Spellbook, an AI “copilot” for lawyers, is raising $11 million in a fundraising round led by Moxxie Ventures and includes Thomson Reuters, owner of the legal research giant Westlaw.
The investment is the latest in a wave of money flowing into generative AI products, including many in the legal profession. Spellbook’s product cuts down the work of analyzing, drafting, and negotiating legal documents by quickly digesting and automatically drafting potential changes, saving lawyers time. The company calls each legal task a “spell” and says lawyers use, on average, 280 spells per month.
Alex Roetter, a general partner at Moxxie, exclusively told Semafor his firm wanted to lead the round, in part, because of Spellbook’s growth. It has 600 legal teams (mainly small and medium-sized practices) using the product around the world, and there are 35,000 lawyers on a waitlist as the company hones Spellbook for wider distribution. A subscription costs around $180 per month.
“They clearly are solving a real need for lawyers who want to turbo charge their practice,” Roetter said.
Scott Stevenson, Spellbook’s co-founder and CEO, said he went into legal software because he was stunned by how expensive the legal fees were while launching a previous startup.
But it wasn’t until late 2021, when Microsoft’s GitHub released Copilot, a software development aid that uses OpenAI large language models to autocomplete code, that Stevenson started thinking about how to apply that technology to legal software.
LLMs seem particularly well-suited to take on legal work. New models from companies like OpenAI and Anthropic are able to consume lengthy documents and quickly offer summaries and insights.
That capability, combined with fine-tuning that uses legal-specific data, makes the technology a powerful tool for attorneys.
Businesses are only recently figuring out how to turn these new advances into products for lawyers and the general public.
Companies like DocuSign, for instance, have troves of data that they can use in conjunction with services like ChatGPT to create new consumer products that were not possible a year ago.
DocuSign earlier this month announced “Agreement Summarization,” a tool that gives users the ability to upload complicated contracts and have it explained in plain language. Essentially, it translates “legalese” into English.
Another example is the human resources startup Deel. According to a person familiar with the matter, the company is working on a generative AI chatbot-like assistant, trained on Deel’s global data, that can answer compliance questions the same way a legal expert might.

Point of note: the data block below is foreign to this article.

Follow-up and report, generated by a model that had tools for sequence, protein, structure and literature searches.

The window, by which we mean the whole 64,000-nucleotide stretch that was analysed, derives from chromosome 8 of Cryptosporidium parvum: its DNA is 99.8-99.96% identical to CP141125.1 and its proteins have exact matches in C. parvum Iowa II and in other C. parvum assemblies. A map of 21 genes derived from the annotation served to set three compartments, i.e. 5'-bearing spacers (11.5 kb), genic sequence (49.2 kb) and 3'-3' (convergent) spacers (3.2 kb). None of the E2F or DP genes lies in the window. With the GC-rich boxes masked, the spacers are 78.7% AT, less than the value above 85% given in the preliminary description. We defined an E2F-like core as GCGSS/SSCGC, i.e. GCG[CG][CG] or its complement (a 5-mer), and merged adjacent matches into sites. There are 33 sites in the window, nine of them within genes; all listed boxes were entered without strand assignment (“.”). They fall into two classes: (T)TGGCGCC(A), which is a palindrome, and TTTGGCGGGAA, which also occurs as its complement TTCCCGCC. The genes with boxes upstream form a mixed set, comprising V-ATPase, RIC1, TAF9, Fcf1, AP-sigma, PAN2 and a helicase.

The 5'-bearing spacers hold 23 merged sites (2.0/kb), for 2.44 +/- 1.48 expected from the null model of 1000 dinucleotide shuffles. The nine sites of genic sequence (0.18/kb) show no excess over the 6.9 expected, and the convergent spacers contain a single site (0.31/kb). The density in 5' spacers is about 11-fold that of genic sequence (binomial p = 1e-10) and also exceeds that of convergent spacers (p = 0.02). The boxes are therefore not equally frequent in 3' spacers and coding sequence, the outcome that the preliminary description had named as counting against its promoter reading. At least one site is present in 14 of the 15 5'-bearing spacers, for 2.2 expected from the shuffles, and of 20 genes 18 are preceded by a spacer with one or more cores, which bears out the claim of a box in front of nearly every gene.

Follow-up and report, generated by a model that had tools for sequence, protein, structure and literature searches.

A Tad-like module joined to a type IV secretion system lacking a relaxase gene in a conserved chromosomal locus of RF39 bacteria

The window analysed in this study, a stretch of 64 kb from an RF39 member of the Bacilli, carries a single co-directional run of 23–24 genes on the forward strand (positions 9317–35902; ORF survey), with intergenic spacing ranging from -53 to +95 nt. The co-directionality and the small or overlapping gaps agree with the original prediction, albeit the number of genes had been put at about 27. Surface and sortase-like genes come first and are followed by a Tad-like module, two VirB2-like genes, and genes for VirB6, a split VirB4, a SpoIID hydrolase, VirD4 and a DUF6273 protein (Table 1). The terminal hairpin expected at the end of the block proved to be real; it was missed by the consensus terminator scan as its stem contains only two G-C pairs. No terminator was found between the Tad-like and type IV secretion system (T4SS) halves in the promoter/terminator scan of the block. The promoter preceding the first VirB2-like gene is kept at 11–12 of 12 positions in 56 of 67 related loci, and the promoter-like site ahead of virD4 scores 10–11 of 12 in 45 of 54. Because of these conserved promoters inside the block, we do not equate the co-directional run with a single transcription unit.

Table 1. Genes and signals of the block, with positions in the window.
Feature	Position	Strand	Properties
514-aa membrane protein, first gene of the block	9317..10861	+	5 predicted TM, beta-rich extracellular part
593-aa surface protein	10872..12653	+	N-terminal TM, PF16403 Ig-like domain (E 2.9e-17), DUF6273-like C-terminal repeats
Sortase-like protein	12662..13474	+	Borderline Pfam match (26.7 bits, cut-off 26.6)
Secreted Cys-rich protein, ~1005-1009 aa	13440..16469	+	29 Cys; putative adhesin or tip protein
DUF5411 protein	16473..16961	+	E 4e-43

None of these new tools are an attempt to replace lawyers altogether but they may reshape the legal industry. For instance, there is already some evidence they’ll allow smaller teams of lawyers to compete for business against bigger law firms.
Generative AI tools could end up being a necessary ingredient that entices tech investors to create new kinds of law firms that modernize legal transactions, allowing ordinary people access to services from their computer in the same way they might sign up for a streaming service. Already, Arizona and Utah have changed laws to allow non-lawyers to take ownership stakes in law firms.
For attorney Brittany Ratelle, AI has meant having the time to take her four kids to the water park. She runs a private practice in Idaho focused on legal work for online creators. Since she signed up for Spellbook a few months ago, she’s cut the time it takes to get through documents by half.
Ratelle, like many small firms, charges a flat fee for legal work instead of billing by the hour, so becoming more efficient gives her more free time.
Room for Disagreement
According to a Goldman Sachs research report, AI could replace 44% of the work that lawyers do. That could lead to a fall in how many people are employed in the legal industry.
The View From Europe
The EU has been ahead on this issue and helped fund a project, starting in 2020, called AI4Lawyers. The program studied the benefits of AI in law as well as the drawbacks, like relying too heavily on computer-generated legal work without enough human oversight.